CSAO: Judiciary Committee - March 31, 2014 - H.B. No. 5594




March 31, 2014

The Division of Criminal Justice opposes H.B. No. 5594, An Act Concerning Diversionary Programs, and would respectfully recommend the Committee take NO ACTION on this bill. The Division would further recommend that the General Assembly initiate a comprehensive evaluation of the host of diversionary programs now in place.

Among other provisions, H.B. No. 5594 would allow an individual to utilize more than one time the Pretrial Accelerated Rehabilitation (AR) program established pursuant to General Statutes Section 54-56e or the school violence prevention program established pursuant to Section 54-56j.

From their outset, pretrial diversionary programs have best been correctly described as giving someone who commits a less serious an offense a second chance. While the Division fully understands and supports this underlying intent of pretrial diversionary programs, we are concerned that these programs may no longer be serving that intent and have become in reality a hodge-podge of good intentions that is used more as a means of quickly disposing of business.

There is no requirement for any of these diversionary programs that defendants admit their guilt or acknowledge in any way that they have committed an offense. A large number of people are routinely referred to programs designed to help rehabilitate them when they deny sometimes adamantly that they are in any way in need of rehabilitation. Furthermore, if someone violates the conditions of the program or is found to be unfit and the fact is reported to the prosecutor or court, after many, many months the case can only be restored to the docket as a pending case in which the question of guilt has not been resolved. This is certainly not fair to victims or witnesses.

H.B. No. 5594 does nothing to answer any of the very real questions that exist as to whether these programs are effective and producing measurable positive results. As the Division stated in testimony opposing similar legislation last year, valid questions can be asked whether the preponderance of diversionary programs has resulted in a system where cases that at one time would have been nolled and rightfully so are now simply being resolved with a referral to a diversionary program. A comprehensive, independent and objective study would seem to be in order. The Legislative Program Review and Investigations Committee might be the appropriate body to undertake such an analysis.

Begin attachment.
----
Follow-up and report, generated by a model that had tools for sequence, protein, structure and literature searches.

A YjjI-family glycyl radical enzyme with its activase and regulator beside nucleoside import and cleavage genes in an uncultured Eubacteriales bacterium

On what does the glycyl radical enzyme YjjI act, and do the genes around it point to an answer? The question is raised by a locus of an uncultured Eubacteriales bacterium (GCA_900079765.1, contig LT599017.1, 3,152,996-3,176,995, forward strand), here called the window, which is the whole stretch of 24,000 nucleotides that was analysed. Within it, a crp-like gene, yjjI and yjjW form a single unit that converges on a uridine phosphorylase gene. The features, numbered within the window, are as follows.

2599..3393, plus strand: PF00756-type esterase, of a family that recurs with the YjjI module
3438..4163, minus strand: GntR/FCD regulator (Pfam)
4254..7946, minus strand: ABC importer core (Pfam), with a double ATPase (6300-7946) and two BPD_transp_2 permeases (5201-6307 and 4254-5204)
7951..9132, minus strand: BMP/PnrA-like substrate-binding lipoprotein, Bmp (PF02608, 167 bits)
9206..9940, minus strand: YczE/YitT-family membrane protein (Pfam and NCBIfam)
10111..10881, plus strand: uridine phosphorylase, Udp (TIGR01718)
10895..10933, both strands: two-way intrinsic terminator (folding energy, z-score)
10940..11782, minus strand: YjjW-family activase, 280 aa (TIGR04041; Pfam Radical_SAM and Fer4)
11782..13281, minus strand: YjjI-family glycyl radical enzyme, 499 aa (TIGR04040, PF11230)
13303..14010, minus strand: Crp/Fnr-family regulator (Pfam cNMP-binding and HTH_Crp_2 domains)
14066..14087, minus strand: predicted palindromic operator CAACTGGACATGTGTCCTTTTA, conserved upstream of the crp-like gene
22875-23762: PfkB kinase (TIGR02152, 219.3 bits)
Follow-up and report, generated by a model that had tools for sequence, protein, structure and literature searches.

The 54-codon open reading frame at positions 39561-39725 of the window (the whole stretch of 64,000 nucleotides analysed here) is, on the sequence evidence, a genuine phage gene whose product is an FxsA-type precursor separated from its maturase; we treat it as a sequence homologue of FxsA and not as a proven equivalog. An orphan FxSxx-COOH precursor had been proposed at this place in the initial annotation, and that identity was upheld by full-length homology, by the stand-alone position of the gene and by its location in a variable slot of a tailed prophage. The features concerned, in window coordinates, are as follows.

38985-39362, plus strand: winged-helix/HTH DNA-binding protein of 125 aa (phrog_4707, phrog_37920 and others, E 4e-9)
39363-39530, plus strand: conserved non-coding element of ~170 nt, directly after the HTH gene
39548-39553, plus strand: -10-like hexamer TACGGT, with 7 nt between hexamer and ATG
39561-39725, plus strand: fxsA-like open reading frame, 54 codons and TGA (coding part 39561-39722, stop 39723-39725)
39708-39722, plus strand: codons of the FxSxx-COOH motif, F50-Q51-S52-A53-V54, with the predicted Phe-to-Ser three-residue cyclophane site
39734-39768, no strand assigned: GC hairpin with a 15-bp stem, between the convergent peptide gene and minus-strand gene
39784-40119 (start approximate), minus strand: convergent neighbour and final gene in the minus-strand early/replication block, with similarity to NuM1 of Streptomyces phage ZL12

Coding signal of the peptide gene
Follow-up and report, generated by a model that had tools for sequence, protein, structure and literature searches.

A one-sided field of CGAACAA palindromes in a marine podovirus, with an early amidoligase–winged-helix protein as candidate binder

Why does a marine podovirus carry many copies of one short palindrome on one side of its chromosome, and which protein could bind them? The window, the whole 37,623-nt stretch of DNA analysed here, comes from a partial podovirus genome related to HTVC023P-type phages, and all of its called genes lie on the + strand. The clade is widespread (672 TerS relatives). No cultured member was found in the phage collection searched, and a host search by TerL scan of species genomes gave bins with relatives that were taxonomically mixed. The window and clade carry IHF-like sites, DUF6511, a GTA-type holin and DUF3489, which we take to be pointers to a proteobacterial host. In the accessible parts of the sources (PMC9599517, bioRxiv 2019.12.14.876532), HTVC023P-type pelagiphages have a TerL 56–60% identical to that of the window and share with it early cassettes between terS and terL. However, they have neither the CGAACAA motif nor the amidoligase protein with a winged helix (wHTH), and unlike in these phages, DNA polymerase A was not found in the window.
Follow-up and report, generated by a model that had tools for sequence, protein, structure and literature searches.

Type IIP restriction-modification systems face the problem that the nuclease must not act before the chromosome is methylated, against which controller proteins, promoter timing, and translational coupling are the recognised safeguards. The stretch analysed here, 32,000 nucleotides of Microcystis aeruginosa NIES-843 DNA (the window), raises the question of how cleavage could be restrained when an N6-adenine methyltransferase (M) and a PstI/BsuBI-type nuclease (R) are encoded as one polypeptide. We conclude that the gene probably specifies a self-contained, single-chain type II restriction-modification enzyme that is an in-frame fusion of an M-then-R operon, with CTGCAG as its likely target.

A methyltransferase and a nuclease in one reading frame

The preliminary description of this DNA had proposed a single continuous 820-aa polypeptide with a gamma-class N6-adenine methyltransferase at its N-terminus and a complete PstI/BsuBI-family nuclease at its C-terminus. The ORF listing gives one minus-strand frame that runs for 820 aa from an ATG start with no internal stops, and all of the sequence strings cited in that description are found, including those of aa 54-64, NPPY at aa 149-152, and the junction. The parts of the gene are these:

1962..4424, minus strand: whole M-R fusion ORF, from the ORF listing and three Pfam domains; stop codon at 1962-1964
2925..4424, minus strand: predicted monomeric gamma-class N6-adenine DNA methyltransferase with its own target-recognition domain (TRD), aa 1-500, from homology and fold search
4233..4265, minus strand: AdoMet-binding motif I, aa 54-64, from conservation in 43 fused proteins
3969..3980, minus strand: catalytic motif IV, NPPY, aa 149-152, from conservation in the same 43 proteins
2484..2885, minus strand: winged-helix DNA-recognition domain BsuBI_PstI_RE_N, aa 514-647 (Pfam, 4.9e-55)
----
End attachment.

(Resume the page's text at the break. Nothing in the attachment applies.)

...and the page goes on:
While such questions exist as to the effectiveness of diversionary programs, the Division must oppose any attempt to expand eligibility for the existing programs, as H.B. No. 5594 proposes. Further, the Division would question the provisions of the bill that would automatically excuse anyone found eligible for a public defender from paying fees to enter the various diversionary programs. The fact that someone cannot afford to retain an attorney does not mean he or she cannot pay the $35 fee to apply for Accelerated Rehabilitation.

In conclusion, the Division would respectfully recommend the Committee take NO ACTION on H.B. No. 5594. Please allow us to express our appreciation to the Committee for this opportunity to provide input on this matter. We would be happy to provide any additional information the Committee might require or to answer any questions you might have.

Content Last Modified on 3/31/2014 3:41:05 PM